Crafting the algorithmic soundtrack of 'No Man's Sky'

UK noise-rock band 65Daysofstatic used software development tools to keep pace with Hello Games' algorithms.

Hello Games

While you've no doubt heard of No Man's Sky, the game, chances are you can't say the same of the band that scored its soundtrack. That's fair. UK noise/drone rock group 65Daysofstatic (65DOS) has quietly been releasing records since 2001. Its songs regularly stretch past seven minutes, and if they feature vocals, the singing is buried so deep in the mix that it's almost indistinguishable from the maelstrom surrounding it. All that is to say, the band doesn't write the type of music that gets stuck in your head. Which makes multi-instrumentalist Paul Wolinski's hopes for the score all the more surprising. "We wanted it to be hummable," he told Engadget.

A good video game soundtrack isn't just a handful of licensed songs thrown into a playlist -- it has to ebb and flow with what's happening onscreen. That means a lot of looped phrases and effects for a particular area, which may change at a moment's notice if you jump into your starship and leave a planet.

To accomplish this, the band built its own logic system for the Ableton Live and Max for Live recording software. More than that, 65DOS created custom applications for software development tools like the Unity game engine and FMOD for sound effects. It was all part of an effort to approximate the algorithms No Man's Sky uses to assemble not only the environments you'll explore but the music accompanying those as well. Handing songwriting duties over to a piece of software and letting it assemble a soundscape from a bank of audio files is virgin territory for the band and, quite possibly, the industry in general.

No Man's Sky's creative mastermind Sean Murray is intimately familiar with the band's work, which is why he contacted Wolinski and his bandmates in 2013 to license their song "Debutante" for the game's debut trailer. The initial pitch was for 65DOS to make a new album and, from there, the development team would tear the songs down to their base pieces, remixing and rearranging them in-house.

The band wanted to be involved with the deconstruction part of the process too. "I think [Hello Games] kind of underestimated how geeky we are in terms of the computer side of things," Wolinsky said. At its outset, the custom software was more humble than you might think -- especially compared with how the game itself randomly assembles the 18 quintillion planets in its galaxy.

"On one level, it's a glorified random audio file player," Wolinski admitted. "It's just pulling from different things. But we slowly re-created the logic that can make rules, so it would approximate what would, in theory, be happening in the final game."

It was a long process that made songwriting into a sort of assembly line procedure. "We might need to record 50 guitar drones in E minor, but because of the kind of band we are, it wasn't just hitting 'render' 50 times in some software. It was us in a room with lots of mics pointing at amps (below) turned up as loud as they could go, and wearing ear defenders eight hours a day."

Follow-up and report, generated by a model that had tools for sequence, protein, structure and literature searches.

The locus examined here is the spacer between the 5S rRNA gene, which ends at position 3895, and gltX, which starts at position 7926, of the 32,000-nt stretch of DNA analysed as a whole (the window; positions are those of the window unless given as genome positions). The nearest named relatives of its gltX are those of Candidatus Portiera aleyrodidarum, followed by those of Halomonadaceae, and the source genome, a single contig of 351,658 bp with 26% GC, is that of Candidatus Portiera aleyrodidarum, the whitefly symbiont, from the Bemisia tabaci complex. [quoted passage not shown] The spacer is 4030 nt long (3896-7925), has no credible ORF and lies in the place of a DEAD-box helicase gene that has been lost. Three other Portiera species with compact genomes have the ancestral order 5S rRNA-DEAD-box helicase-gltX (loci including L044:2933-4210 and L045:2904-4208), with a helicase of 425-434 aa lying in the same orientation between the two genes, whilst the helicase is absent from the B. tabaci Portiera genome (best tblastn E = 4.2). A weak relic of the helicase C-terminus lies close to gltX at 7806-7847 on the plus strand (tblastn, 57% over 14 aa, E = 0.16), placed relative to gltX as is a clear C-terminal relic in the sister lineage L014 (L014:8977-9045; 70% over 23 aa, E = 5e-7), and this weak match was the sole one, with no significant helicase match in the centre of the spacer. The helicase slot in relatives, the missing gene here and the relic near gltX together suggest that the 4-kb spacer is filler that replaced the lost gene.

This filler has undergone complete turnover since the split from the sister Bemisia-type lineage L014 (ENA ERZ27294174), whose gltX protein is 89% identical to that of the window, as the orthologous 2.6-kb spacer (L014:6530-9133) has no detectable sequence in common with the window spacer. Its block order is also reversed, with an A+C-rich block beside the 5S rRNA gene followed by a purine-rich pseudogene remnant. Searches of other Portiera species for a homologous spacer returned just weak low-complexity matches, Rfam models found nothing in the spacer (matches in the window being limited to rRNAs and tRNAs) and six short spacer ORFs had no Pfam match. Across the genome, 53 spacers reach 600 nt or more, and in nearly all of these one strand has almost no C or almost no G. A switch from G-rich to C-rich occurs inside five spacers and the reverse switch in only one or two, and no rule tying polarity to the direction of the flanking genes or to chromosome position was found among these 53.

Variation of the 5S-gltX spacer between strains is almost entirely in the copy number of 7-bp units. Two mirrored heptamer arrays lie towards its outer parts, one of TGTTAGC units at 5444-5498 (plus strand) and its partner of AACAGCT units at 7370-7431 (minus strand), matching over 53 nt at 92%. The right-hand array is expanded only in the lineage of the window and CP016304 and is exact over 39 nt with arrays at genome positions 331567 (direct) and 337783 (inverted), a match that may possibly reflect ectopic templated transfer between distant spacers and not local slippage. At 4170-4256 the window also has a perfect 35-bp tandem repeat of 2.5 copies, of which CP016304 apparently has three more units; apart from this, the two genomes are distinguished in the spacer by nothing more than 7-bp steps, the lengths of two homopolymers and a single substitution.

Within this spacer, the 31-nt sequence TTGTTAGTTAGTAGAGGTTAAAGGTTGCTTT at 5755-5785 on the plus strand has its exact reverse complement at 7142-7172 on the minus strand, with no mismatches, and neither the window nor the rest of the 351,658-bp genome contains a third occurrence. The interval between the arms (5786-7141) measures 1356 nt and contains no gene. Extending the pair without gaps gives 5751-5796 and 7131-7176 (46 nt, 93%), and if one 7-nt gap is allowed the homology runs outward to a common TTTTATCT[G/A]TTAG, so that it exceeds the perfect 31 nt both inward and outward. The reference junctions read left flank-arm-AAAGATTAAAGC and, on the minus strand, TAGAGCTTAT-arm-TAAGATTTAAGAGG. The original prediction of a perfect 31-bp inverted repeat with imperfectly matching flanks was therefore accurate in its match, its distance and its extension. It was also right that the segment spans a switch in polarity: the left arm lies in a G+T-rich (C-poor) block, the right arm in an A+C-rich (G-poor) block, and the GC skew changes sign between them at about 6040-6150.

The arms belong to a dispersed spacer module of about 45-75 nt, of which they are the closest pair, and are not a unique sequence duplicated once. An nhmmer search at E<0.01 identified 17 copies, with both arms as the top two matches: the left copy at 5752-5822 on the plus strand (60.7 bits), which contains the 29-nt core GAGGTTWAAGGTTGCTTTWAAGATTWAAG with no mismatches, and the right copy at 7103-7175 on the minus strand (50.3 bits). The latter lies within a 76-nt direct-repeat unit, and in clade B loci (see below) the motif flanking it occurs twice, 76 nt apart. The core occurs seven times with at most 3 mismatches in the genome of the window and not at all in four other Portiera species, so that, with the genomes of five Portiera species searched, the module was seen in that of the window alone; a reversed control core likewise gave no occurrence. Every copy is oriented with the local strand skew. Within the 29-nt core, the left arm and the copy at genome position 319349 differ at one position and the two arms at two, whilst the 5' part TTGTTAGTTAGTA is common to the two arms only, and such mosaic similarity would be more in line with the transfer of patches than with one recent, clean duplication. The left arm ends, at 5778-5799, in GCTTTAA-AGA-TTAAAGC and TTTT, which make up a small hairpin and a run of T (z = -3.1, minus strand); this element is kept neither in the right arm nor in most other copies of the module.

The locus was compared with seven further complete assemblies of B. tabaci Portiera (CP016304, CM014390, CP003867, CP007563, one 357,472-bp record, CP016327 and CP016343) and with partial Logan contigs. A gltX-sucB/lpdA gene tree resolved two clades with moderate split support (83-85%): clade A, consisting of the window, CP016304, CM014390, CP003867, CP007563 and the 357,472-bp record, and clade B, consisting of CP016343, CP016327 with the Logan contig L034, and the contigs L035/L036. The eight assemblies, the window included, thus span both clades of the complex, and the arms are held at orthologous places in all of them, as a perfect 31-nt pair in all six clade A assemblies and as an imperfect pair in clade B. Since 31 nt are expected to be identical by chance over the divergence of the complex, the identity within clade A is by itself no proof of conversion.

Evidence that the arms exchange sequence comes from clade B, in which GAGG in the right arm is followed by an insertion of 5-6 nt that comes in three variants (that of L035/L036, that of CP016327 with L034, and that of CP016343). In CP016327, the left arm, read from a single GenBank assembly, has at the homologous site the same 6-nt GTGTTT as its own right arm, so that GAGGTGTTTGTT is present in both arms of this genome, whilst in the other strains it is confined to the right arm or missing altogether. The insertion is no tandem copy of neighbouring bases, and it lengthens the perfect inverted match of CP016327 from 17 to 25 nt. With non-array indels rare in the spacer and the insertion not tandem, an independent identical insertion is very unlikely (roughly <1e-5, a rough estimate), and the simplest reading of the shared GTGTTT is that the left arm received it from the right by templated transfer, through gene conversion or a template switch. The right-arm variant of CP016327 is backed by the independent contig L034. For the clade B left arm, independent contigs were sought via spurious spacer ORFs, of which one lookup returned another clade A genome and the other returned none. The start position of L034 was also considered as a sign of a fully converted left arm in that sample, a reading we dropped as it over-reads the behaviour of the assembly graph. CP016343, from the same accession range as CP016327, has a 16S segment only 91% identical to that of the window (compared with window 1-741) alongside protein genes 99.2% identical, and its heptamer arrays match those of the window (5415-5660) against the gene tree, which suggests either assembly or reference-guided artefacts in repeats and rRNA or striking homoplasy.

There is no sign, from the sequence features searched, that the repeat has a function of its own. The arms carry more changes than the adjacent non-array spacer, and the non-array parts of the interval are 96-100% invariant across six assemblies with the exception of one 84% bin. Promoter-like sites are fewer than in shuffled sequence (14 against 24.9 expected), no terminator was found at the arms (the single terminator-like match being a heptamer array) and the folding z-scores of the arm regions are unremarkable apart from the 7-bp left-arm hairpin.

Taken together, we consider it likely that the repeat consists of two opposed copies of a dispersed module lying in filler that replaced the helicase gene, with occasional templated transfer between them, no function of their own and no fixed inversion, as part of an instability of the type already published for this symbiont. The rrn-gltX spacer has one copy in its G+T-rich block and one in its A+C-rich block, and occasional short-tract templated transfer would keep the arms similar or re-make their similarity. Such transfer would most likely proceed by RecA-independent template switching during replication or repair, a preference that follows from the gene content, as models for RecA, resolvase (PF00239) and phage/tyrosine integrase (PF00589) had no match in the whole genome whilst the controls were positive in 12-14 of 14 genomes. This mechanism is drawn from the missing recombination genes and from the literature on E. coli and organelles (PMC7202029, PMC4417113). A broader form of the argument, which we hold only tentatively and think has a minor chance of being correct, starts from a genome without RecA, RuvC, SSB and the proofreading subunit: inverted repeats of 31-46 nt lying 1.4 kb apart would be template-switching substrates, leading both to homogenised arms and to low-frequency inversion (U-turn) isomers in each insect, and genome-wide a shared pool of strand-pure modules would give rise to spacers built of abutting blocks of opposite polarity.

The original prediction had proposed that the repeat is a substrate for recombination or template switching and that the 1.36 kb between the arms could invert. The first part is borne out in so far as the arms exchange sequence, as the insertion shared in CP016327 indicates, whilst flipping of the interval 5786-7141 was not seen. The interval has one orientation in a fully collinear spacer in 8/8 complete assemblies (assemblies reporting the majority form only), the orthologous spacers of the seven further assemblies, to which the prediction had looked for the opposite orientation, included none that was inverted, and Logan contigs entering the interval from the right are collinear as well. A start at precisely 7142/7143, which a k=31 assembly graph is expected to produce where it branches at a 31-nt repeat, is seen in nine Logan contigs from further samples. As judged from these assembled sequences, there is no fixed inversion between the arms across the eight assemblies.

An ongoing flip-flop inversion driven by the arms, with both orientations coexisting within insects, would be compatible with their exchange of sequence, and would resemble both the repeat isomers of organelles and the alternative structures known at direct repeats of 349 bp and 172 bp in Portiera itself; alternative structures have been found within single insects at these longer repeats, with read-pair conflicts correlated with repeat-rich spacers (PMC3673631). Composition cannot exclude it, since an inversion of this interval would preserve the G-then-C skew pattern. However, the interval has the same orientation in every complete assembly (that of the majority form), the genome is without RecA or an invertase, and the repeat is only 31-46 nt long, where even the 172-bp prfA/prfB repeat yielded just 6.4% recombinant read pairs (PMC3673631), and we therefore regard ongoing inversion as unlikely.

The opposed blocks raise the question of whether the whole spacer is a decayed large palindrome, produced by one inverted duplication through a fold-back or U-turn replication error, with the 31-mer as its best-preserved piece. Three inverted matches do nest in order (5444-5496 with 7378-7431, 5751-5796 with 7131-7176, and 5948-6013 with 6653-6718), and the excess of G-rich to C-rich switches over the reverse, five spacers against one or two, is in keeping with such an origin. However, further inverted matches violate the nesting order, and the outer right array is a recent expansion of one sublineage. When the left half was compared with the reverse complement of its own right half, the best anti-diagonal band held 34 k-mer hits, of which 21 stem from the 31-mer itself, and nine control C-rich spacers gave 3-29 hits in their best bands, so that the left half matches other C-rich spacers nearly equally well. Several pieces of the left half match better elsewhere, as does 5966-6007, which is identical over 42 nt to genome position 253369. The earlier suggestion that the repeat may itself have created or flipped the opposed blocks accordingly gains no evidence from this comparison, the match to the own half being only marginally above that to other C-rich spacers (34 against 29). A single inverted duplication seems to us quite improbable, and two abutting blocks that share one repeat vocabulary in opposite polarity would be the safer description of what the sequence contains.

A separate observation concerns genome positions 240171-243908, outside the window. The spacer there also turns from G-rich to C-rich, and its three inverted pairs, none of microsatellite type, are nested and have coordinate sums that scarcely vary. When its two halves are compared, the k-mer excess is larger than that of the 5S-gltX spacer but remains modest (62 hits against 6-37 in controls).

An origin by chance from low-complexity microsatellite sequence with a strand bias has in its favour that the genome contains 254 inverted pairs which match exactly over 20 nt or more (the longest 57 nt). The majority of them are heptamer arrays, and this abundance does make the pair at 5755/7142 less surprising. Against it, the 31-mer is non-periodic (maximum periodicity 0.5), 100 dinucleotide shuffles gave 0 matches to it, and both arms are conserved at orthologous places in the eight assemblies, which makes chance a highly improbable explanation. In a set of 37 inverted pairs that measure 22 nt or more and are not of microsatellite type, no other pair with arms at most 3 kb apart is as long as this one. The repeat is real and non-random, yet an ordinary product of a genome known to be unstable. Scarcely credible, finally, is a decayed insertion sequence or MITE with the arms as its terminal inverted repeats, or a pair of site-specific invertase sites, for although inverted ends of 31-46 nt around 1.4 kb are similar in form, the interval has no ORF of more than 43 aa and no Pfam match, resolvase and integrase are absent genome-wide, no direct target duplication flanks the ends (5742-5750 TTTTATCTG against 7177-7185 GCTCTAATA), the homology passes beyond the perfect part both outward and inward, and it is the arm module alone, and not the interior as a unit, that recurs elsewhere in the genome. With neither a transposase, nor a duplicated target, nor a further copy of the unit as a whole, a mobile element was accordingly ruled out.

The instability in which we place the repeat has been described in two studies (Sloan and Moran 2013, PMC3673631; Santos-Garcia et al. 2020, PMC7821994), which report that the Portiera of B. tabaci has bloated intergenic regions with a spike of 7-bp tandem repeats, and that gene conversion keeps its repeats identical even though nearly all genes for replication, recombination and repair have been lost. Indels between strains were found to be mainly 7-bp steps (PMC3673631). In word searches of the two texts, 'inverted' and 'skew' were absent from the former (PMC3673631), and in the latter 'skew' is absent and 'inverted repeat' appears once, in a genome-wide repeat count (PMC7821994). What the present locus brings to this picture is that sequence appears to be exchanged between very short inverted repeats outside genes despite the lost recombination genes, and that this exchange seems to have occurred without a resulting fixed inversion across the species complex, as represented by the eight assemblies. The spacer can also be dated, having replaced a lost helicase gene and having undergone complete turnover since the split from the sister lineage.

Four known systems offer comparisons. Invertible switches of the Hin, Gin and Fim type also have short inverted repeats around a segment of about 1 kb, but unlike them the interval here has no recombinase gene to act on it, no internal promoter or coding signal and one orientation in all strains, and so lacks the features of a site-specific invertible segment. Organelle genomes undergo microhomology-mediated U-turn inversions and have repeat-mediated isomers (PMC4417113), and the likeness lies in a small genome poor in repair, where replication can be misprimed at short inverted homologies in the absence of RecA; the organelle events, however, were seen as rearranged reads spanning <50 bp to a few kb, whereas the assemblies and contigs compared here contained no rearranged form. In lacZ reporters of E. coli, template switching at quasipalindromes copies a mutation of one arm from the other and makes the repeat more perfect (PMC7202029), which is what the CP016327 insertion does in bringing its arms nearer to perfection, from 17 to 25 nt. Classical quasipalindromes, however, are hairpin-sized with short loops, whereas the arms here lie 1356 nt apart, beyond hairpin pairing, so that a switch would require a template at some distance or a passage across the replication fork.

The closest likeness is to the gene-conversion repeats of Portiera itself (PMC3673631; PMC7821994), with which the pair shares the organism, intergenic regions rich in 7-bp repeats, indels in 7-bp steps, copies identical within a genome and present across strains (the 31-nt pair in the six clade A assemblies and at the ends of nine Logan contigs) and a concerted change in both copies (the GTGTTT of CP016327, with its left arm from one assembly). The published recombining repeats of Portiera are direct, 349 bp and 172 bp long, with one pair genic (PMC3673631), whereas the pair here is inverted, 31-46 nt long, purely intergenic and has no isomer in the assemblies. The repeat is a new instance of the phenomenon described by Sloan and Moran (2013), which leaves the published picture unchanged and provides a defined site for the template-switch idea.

That might sound unpleasant, but not for Wolinski. "It was so much fun!" he said.

During previous writing sessions for other records, there were snippets of songs that'd be thrown out because of how a track evolved over time. Those would typically be scrapped -- not because the band didn't like them, but because what might have started as a piano ballad ended up being a "big kind of mess of beats and layers." With the No Man's Sky project, what ended up on the cutting room floor still had a purpose.

"Usually all the stuff that gets left out disappears forever," he noted. Because the band was writing with an eye toward logic-assembled soundscapes, that wasn't the case here: Everything had a use. "That all kind of came from working with [Hello Games audio lead] Paul Weir, and Hello Games being so supportive of us just getting more involved."

The amps used to record all those drones.

The band then sent Weir a bunch of audio files and "reams of text" with notes on how to re-pitch and arrange certain musical phrases. But the ultimate goal for 65DOS was to not overstep their boundaries as musicians; they couldn't tell Weir how to do his job. While the band handled the vast majority of the arrangement and deconstruction, Weir and Hello Games put the finishing touches on everything. Toward the end of the writing process, Weir had "friendly suggestions" for more music, but it was things like additional synthesizer arpeggios for when you're flying around -- not wholesale changes to songs.

Dinosaurs in the distance and huge planets on the horizon? Just another day in No Man's Sky.

No Man's Sky had a profound impact on the band, not just for this album but for its plans to write music going forward. Prior to this, 65DOS created music for a sound installation that had 20 speakers in a room that could each play a specific sound at a given time. "That was really exciting for us, because, as a band, we'd been wanting to push into new forms. Not just albums, not just touring, but different ways of presenting music."

Instead of simply writing another record and then going on the road to promote it, 65DOS was able to do something completely different. "The sound installation was more about writing for a specific place, rather than just chunks of time," Wolinski said.

No Man's Sky was the way to bring those ambitions for presentation and performance under one banner. Combined with the algorithmic approach to song-crafting, the game fundamentally altered how the band thinks about music. "Games are such a ripe vehicle to hang that kind of creativity on, so FMOD and Unity -- us getting to grips with that -- I think is going to be really useful in whatever we do next."

Images: Amplifiers by Joe Balloons; Screenshots courtesy of Hello Games